Though Carmack rarely felt–let alone cracked from–pressure, Quake was beginning to break him. He started lashing out at his employees.

Carmack didn’t relent. He began firing off disciplinary e-mails. First, he banned deathmatching in the office. Then he sent out grades. Everyone in the company was given a letter grade based on his performance: Sandy got a D, Romero a C.

Carmack wasn’t through. One night he dragged his desk outside his office and planted himself to work in the hallway–the better to keep an eye on everyone around him. Employees began living in fear of their jobs and staying later and later, trying to keep up with Carmacks relentless pace.

The fun, they felt, was being sucked out of the company. The tension was so thick that people started to complain about Carmack too. Romero wasn’t the only one with the ego; Carmack was off in his own world, refusing to come down.

The company was in perpetual crunch mode, trying to get the Doom-style shooter done by March. Carmack, feeling like he was the only one running the ship, decided it was time to turn up the heat. For weeks he had been working out in the hallway to keep an eye on everyone else. But now he suggested they tear the walls down.

Without the privacy of personal space, the tension began to mount. They worked eighteen-hour days, seven days a week. They had to listen to their music on headphones.

Romero had taken a liking to instrumental video game soundtracks–available as Japanese imports. He popped one in and bitterly slipped on his headphones. This is not the id of the past, he thought, the id of “let’s make a great game together and have fun.” This is the id of “shut up and work.”

Long enamored of Romero’s rock-star lifestyle, American started living the life himself. This came after id struck a deal with Trent Reznor of the industrial rock band Nine Inch Nails, a die-hard Doom fan, to provide the music and sound effects for Quake.

“I’m going to leave after Quake.” he concluded. “What do you think about starting another company? It’ll be a company where any kind of design we want to do, that’s what we make. Technology has to work with our design, not the other way around. How would you like to have a company where design is law?”

American McGee felt Romero’s absence from the moment he walked by his old office and saw the empty chair. Romero, even with his problems, had always bridged the gap between the owners and the employees. And there was no one who could even remotely take his place. Carmack didn’t take into account that he had let go more than just John Romero, American thought. He had let go the soul of any video game company: the fun.

Ion painted itself as the place of freedom and dreams, while id was the out-of-touch oppressor. It was about not just two companies but two visions: design versus technology, art versus science, Dionysus versus Apollo.

By the summer of 1997, Dallas had become to gamers what Seattle was to musicians in the early 1990s; id was Nirvana.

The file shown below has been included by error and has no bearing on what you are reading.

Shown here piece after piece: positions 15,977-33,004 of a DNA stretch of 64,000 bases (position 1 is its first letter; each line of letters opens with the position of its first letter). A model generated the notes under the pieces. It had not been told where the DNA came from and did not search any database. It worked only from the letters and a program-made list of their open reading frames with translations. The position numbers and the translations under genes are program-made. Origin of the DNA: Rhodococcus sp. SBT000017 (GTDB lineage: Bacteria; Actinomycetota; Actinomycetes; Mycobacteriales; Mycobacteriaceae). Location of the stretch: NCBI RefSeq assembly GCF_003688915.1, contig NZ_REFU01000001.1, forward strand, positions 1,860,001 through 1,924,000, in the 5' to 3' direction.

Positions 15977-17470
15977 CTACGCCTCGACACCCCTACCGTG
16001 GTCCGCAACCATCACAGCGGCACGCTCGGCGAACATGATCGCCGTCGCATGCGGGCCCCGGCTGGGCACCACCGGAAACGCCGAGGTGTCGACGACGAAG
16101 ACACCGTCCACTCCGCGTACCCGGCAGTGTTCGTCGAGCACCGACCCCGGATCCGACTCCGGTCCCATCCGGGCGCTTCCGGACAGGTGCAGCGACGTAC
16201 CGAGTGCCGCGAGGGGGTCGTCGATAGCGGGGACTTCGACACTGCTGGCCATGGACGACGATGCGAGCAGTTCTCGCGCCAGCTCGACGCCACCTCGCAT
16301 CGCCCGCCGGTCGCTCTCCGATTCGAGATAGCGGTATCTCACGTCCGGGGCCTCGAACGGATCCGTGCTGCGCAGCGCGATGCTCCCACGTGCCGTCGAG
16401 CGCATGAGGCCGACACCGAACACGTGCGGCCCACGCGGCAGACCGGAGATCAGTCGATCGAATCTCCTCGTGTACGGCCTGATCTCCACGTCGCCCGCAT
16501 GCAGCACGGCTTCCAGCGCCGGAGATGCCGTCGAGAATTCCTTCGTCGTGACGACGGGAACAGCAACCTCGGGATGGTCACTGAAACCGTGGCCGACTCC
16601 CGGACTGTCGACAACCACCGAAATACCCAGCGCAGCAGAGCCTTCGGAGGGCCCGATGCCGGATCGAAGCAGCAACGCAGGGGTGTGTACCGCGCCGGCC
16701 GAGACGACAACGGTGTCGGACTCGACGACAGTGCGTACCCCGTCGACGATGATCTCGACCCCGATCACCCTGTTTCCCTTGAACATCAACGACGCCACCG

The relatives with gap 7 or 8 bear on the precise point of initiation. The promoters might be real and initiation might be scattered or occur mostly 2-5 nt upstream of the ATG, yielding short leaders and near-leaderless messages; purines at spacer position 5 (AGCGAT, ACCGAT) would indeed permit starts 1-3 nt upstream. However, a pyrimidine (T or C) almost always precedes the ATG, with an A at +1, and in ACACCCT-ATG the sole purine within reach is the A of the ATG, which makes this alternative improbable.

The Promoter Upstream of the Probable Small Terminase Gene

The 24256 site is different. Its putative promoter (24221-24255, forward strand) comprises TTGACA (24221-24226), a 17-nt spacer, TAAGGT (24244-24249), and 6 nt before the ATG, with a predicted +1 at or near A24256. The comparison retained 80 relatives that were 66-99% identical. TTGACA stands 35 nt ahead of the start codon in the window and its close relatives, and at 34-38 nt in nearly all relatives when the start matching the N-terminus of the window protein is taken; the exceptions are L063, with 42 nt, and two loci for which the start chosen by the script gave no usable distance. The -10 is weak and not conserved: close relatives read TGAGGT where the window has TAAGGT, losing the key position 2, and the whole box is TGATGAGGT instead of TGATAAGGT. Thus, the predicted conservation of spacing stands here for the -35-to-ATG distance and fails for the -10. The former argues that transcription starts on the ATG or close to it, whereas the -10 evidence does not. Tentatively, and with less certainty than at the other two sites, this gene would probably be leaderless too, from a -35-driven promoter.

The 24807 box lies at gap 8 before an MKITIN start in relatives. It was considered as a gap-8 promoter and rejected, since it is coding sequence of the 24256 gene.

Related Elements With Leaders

One of the main sources of distrust among the employees was id’s competitive bonus structure. Every quarter or so the owners would meet to assign a dollar amount to each employee. They would then split up a bonus payment based on those decisions. One quarter someone might get $100,000; the next $20,000. The owners admitted that it was an arbitrary and imperfect plan, but it was the only one they could surmise. As a result, the employees realized that the easiest way to get the higher bonuses was to outwit, outplay, and outsmart each other. It was a business deathmatch.

“Romero is chaos and Carmack is order,” he said. “Together they made the ultimate mix. But when you take them away from each other, what’s left?”

In video games, no one really got hurt. But when it came to violent play, people had a history of linking fantasy with reality, as the author Gerard Jones explored in his book, Killing Monsters: Why Children Need Fantasy, Super Heroes, and Make-Believe Violence.

“Exploring, in a safe and controlled context, what is impossible or too dangerous or forbidden… is a crucial tool in accepting the limits of reality. Playing with rage is a valuable way to reduce its power. Being evil and destructive in imagination is a vital compensation for the wildness we all have to surrender on our way to being good people.”

Researchers since the 1980s had been finding positive effects of video games; a report in the Journal of American Academic Child Psychiatry argued that games not only didn’t inspire aggression, they released it.

Murderers, after all, had proven that they could find inspiration in any-thing–the White Album, Taxi Driver, Catcher in the Rye. How many acts of violence had the Bible inspired?

They all still believed in their original vision: that design, that the games could be law. The problem, as Romero said, was that the design didn’t take into account technology and it didn’t take into account that the designer doesn’t necessarily know how to manage.

Carmack disdained talk of highfalutin things like legacies but when pressed would allow at least one thought on his own. “In the information age, the barriers just aren’t there,” he said. “The barriers are self-imposed. If you want to set off and go develop some grand new thing, you don’t need millions of dollars of capitalization. You need enough pizza and Diet Coke to stick in your refrigerator, a cheap PC to work on, and the dedication to go through with it. We slept on floors. We waded across rivers.”